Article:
Ozzie Guillen, the new manager of the new Miami Marlins, is in some Cold War trouble. Guillen was recently quoted in an interview with Time magazine that he loves and respects Fidel Castro because he has been able to survive all this time with such a large number of people trying to kill Castro. Of all the people that deserve love and respect from a manger of a Major League Baseball club (or anyone for that matter), Fidel Castro, one of the last surviving Cold War era dictators, should be at the bottom of the list.
These comments did not go unnoticed. Guillen is the face of a team that resides outside Little Havana in Miami. Therefore, when he makes these comments, the large Cuban fan base in south Florida was listening. The interview unleashed a firestorm of criticism in the city and across the nation. The anger at Guillen was buttressed by MLB commissioner Bud Selig’s five-game suspension of Guillen.
One doesn’t need to know much about baseball to realize that it is a long season. One hundred sixty-two games, in fact, make up a typical season. It doesn’t make sense when the remedy for talking favorably about an oppressive dictator is to suspend Guillen for roughly three percent of the regular season. I think it should have been more.Suspending Guillen for a month’s worth of games would have sent a strong message to the usually loose-lipped Guillen and to the rest of Major League Baseball. As a sports fan, I know that the MLB is not supportive of Castro in any way. I fear that, to the outsider, the meager five-game suspension of Guillen may appear as a feeble attempt to condemn comments about the man that starved his country for almost fifty years.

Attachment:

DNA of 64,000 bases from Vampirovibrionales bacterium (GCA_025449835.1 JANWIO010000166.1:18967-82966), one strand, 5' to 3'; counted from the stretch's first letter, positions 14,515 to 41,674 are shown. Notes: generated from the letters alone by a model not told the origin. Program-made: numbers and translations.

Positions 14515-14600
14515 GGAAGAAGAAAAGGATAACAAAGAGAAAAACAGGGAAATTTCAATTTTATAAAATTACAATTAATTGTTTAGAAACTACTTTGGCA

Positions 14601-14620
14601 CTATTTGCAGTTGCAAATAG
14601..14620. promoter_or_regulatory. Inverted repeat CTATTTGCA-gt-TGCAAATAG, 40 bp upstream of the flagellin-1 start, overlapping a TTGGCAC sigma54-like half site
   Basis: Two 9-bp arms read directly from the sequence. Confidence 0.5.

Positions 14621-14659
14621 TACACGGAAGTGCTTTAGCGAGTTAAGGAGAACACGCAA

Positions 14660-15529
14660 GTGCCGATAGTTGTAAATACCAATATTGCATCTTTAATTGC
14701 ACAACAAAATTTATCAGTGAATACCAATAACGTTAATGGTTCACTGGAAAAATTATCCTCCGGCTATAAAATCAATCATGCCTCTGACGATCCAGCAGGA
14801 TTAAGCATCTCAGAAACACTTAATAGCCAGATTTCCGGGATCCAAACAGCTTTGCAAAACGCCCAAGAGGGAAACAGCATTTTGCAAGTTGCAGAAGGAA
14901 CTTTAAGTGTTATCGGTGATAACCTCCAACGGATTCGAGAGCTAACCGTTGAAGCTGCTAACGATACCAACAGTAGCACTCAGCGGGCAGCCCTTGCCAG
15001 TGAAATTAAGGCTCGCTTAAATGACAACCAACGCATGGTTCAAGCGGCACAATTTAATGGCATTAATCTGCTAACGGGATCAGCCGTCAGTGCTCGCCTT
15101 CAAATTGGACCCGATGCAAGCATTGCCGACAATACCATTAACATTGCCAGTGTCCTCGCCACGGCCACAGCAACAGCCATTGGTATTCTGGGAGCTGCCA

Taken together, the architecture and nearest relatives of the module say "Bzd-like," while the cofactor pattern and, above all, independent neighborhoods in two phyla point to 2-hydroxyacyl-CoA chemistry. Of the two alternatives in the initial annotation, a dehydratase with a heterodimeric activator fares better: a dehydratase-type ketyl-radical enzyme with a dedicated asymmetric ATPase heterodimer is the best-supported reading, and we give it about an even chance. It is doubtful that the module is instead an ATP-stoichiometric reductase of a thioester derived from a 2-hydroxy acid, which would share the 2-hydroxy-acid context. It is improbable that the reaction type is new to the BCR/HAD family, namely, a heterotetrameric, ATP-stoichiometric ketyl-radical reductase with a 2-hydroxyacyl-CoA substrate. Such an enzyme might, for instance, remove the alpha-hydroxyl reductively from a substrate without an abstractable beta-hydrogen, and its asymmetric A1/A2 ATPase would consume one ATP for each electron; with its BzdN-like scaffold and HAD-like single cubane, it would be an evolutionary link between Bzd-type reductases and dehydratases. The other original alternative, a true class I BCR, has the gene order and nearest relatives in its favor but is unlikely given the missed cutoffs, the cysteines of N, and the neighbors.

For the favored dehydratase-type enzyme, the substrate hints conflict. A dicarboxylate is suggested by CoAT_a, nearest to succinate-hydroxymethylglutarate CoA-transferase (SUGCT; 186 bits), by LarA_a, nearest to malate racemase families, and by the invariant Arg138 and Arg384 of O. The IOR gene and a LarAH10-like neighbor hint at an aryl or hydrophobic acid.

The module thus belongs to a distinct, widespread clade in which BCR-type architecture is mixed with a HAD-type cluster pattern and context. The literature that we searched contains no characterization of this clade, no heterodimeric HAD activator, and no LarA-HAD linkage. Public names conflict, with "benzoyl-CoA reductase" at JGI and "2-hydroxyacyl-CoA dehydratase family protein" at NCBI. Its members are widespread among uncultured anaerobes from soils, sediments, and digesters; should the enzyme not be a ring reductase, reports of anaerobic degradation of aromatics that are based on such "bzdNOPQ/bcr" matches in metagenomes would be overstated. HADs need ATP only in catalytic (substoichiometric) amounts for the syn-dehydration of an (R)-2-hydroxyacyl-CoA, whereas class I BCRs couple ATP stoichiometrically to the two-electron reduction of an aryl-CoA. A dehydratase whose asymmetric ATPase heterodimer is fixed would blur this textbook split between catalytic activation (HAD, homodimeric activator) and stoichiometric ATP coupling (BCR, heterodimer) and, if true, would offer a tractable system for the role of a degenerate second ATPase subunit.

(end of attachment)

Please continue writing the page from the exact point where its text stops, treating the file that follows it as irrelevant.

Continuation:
The saddest part about the whole story is what the implications will be for the Marlins. What some called a last-ditch effort to save the team, the Marlins just changed names, uniforms, colors, managers and have a brand new stadium to play in. The usually stingy Marlins also opened some deep pockets this off-season, nailing big name free agents like Jose Reyes. When Guillen’s suspension is through, there will still be people in Miami outraged at his comments and the fans may take it out on the Marlins, just as Miami is working on remaking its image. Let’s hope, for the Marlins’ sake, they don’t.